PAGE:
# Chapter 7 The ‘No-Way’ Interactions

In the 17th Data Colada blog post titled No-way Interactions discusses how a moderated interaction (the effect is there in one condition, but disappears in another condition) requires at least twice as many subjects per cell as a study that simply aims to show the simple effect. For example, see the plot below. Assume the score on the vertical axis is desire for fruit, as a function of the fruit that is available (an apple or a banana) and how hungry people are (not, or very). We see there is a difference between the participants desire for a banana compared to an apple, but only for participants who are very hungry. The point that is made is that you need twice as many participants in each cell to have power for the interaction, as you need for the simple effect.

string <- "2b*2b"
n <- 20
# All means are equal - so there is no real difference.
# Enter means in the order that matches the labels below.
mu <- c(20, 20, 20, 25)
sd <- 0.5
labelnames <- c("fruit", "apple", "banana",
"hunger", "no hunger", "very hungry") #
# the label names should be in the order of the means specified above.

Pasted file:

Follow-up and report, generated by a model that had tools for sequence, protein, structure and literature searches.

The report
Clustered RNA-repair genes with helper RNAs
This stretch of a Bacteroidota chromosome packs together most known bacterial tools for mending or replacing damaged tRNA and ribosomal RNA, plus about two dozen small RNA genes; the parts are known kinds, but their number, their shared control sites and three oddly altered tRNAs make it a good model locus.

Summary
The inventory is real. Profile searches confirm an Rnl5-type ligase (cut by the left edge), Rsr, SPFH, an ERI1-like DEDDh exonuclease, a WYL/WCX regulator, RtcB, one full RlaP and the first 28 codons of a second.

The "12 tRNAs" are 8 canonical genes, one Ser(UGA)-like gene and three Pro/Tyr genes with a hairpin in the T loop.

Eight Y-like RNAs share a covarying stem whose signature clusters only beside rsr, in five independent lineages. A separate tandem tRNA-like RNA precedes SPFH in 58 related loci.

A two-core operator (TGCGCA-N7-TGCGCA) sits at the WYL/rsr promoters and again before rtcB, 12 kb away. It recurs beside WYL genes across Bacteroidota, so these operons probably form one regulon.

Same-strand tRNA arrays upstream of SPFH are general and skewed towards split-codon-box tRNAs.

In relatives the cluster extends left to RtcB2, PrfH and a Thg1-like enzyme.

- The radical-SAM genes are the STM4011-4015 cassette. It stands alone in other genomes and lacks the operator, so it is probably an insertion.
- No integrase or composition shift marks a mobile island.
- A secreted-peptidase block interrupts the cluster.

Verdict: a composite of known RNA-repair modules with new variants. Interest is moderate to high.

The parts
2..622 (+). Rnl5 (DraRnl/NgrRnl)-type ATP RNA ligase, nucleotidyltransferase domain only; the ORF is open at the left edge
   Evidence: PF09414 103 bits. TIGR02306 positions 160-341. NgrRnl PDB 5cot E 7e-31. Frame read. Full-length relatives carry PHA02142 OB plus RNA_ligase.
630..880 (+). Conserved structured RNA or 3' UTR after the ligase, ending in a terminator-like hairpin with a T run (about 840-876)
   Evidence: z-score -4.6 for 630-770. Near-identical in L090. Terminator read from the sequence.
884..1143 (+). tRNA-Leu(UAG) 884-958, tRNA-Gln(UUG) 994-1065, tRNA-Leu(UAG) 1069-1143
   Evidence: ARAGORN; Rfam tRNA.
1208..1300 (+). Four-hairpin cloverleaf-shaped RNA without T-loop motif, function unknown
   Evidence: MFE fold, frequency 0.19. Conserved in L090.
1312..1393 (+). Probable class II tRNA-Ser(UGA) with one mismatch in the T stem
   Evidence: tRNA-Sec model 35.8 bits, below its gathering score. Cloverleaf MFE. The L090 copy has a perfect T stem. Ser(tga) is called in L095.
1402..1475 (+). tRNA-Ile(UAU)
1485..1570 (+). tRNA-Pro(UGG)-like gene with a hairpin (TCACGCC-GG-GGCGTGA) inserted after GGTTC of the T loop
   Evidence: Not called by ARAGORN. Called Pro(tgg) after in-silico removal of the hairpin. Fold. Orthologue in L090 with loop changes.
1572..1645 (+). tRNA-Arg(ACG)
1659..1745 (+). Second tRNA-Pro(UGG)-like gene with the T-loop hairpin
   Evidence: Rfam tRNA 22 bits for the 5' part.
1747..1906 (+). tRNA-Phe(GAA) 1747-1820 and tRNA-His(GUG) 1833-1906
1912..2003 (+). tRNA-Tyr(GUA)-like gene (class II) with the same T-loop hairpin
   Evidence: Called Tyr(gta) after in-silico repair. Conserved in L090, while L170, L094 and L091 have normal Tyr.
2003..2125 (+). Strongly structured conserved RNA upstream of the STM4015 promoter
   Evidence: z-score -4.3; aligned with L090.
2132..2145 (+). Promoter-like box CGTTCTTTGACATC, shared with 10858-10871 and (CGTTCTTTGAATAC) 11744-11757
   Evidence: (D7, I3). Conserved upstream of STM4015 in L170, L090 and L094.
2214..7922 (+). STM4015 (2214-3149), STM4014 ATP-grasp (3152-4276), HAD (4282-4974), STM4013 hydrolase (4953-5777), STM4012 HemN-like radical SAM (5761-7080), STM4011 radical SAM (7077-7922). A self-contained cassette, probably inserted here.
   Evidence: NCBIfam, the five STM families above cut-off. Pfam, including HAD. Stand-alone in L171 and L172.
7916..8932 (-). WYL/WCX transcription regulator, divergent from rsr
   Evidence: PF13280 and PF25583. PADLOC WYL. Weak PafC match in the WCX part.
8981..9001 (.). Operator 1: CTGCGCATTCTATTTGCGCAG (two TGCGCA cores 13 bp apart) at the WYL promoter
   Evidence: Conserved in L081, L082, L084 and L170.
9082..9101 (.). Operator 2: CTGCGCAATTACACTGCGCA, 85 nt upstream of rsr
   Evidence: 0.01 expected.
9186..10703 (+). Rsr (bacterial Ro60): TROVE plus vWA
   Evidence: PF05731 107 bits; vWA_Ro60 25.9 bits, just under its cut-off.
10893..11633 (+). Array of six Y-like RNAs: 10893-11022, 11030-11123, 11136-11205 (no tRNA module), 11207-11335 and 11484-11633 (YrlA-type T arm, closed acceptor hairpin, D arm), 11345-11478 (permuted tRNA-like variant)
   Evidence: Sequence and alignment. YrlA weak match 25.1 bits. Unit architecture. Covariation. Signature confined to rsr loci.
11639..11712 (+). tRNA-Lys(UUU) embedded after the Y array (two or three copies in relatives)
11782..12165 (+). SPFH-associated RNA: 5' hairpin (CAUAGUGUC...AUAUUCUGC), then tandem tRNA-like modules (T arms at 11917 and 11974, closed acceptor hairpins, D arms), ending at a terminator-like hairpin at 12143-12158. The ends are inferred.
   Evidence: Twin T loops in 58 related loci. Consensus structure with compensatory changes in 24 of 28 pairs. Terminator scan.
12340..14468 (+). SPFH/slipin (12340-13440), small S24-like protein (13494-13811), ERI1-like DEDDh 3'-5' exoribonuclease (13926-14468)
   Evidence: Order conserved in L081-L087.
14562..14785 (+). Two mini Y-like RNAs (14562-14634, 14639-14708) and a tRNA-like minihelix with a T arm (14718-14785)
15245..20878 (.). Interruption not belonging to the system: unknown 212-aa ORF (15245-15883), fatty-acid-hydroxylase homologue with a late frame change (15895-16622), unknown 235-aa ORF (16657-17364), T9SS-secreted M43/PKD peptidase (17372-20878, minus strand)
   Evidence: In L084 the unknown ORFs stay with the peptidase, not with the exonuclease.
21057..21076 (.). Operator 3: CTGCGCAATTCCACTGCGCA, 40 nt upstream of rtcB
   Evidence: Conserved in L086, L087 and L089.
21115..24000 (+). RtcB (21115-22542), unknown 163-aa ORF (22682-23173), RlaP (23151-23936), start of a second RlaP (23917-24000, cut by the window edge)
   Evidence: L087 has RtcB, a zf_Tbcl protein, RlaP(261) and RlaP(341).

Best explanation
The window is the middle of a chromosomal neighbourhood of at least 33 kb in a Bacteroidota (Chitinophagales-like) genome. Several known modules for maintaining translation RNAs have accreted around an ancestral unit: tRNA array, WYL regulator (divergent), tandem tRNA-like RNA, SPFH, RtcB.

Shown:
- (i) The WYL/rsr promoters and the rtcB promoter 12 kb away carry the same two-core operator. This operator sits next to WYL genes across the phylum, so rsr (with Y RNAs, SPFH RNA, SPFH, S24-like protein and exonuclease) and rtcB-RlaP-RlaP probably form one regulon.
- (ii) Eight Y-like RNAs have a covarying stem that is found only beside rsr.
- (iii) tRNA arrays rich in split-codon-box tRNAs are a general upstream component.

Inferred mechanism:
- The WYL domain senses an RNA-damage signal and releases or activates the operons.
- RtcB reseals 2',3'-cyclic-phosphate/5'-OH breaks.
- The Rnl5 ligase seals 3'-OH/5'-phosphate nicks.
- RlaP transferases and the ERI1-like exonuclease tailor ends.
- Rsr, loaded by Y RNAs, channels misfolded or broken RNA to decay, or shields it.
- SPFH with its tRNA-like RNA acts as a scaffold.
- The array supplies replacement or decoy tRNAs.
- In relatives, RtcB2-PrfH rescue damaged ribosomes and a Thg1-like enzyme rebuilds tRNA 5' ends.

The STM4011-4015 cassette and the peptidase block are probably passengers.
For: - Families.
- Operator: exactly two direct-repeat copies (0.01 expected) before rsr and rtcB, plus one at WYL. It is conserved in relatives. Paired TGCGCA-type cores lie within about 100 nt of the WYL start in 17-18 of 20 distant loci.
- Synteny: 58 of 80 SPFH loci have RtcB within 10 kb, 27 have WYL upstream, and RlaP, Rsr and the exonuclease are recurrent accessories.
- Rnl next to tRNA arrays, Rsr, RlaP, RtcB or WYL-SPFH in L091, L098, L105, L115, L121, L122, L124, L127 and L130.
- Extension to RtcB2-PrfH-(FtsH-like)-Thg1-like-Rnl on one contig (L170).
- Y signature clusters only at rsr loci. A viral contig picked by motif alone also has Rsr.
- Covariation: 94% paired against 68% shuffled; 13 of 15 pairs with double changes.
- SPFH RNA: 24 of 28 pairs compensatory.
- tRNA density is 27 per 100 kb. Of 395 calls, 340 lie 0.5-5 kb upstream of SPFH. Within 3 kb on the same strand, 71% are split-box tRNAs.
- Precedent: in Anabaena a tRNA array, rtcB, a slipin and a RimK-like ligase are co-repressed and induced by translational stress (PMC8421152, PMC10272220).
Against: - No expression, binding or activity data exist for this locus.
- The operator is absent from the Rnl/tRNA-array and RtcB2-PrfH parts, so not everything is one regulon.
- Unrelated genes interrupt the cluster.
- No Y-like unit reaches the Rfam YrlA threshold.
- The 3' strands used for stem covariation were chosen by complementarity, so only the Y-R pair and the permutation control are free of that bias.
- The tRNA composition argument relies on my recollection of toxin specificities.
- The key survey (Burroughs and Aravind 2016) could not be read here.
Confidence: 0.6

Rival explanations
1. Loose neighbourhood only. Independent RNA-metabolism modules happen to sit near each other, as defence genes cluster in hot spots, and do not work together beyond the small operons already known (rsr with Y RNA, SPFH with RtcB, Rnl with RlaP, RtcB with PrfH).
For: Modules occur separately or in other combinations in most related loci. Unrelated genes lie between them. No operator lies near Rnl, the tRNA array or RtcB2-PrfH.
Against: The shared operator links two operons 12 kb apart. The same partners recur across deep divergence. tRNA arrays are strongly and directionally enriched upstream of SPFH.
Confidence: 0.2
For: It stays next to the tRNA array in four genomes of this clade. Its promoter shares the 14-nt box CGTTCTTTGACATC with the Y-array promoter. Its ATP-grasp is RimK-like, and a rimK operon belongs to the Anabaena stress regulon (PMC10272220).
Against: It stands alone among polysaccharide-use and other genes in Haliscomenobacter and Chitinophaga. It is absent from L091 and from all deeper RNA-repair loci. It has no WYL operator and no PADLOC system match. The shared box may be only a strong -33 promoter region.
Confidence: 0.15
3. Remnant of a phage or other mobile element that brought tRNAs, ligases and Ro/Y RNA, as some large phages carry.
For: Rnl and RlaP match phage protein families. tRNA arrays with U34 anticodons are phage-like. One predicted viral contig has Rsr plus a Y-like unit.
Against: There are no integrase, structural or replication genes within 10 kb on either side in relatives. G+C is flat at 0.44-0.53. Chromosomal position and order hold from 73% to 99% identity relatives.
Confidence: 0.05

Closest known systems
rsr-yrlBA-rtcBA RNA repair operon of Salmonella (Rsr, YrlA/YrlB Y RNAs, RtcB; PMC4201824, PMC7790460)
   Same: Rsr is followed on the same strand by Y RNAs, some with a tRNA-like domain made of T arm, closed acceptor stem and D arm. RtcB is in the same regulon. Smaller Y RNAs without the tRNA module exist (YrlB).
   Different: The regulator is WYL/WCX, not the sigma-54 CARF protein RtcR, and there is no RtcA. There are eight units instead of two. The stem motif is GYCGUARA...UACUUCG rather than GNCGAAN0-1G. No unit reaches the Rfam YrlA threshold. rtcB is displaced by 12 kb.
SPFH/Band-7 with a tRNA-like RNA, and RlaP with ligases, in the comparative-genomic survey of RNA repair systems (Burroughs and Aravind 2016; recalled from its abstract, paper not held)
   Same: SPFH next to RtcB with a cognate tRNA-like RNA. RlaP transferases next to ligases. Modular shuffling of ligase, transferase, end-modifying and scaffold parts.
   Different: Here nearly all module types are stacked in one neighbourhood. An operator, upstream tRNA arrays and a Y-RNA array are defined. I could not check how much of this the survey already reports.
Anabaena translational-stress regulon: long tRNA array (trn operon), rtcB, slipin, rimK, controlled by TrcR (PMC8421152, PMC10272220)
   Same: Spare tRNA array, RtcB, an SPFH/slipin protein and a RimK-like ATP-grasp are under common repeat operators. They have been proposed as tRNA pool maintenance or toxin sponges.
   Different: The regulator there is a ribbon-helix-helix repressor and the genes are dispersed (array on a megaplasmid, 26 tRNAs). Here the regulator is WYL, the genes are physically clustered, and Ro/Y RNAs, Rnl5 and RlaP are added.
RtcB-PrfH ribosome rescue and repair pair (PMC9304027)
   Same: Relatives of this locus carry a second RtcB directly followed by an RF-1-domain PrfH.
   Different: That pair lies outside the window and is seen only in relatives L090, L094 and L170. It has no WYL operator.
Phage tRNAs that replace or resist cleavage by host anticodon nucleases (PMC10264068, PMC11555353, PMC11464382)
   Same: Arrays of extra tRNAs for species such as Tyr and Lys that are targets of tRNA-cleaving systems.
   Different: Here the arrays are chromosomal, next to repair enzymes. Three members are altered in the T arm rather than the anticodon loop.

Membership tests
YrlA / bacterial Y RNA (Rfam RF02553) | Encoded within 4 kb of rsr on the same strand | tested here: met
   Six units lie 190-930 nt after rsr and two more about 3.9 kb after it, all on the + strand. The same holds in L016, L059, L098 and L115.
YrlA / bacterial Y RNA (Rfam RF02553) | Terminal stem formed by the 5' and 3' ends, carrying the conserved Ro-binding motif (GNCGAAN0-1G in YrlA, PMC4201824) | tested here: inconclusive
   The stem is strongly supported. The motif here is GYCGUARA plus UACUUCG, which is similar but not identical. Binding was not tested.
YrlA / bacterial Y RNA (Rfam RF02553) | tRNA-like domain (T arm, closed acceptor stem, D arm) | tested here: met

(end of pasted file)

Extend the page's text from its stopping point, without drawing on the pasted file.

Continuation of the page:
design_result <- ANOVA_design(design = string,
n = n,
mu = mu,
sd = sd,
labelnames = labelnames,
plot = TRUE)

We can reproduce the simulations in the Data Colada blog post, using the original code.

#R-Code
#
#Written by Uri Simonsohn, March 2014
#
#
#In DataColada[17]
# I propose that 2x2 interaction studies need 2x the sample size
#http://datacolada.org/2014/03/10/17-no-way-interactions
#In a companion ,pdf I show the simple math behind it
#
#
#Simulations are often more persuasive than math, so here it goes.
#I run simulations that compute power for 2 and 4 cell design,
# the latter testing the interaction
###############################################################################
#Create function that computes power of Studies 1 and 2,
# where Study 1  has 2 cells and tests a simple effect
#and Study 2 has 4 cells and tests the interaction
colada17 = function(d1,d2,n1,n2,simtot)
{
#n1: sample size, per cell, study 1
#n2: sample size, per cell, study 2
#d1: simple effect M1-M2
#d2: moderated effect M3-M4,
# full elimination of effect implies d2=0
#simtot: how many simulations to run
#Here we will store results
p1 = c()    #p-values for Study 1
p2 = c()    #p-values for Study 2
for (i in 1:simtot) {
#draw data 4 samples
y1 = rnorm(n = max(n1, n2), mean = d1)
y2 = rnorm(n = max(n1, n2))
y3 = rnorm(n = max(n1, n2), mean = d2)
y4 = rnorm(n = max(n1, n2))

#GET DATA READY FOR ANOVA
y = c(y1, y2, y3, y4)          #the d.v.
nrep = rep(n2, 4)
A = rep(c(1, 1, 0, 0), times = nrep)
B = rep(c(1, 0, 1, 0), times = nrep)

#STUDY 1
#Do a t-test on the first n1 observations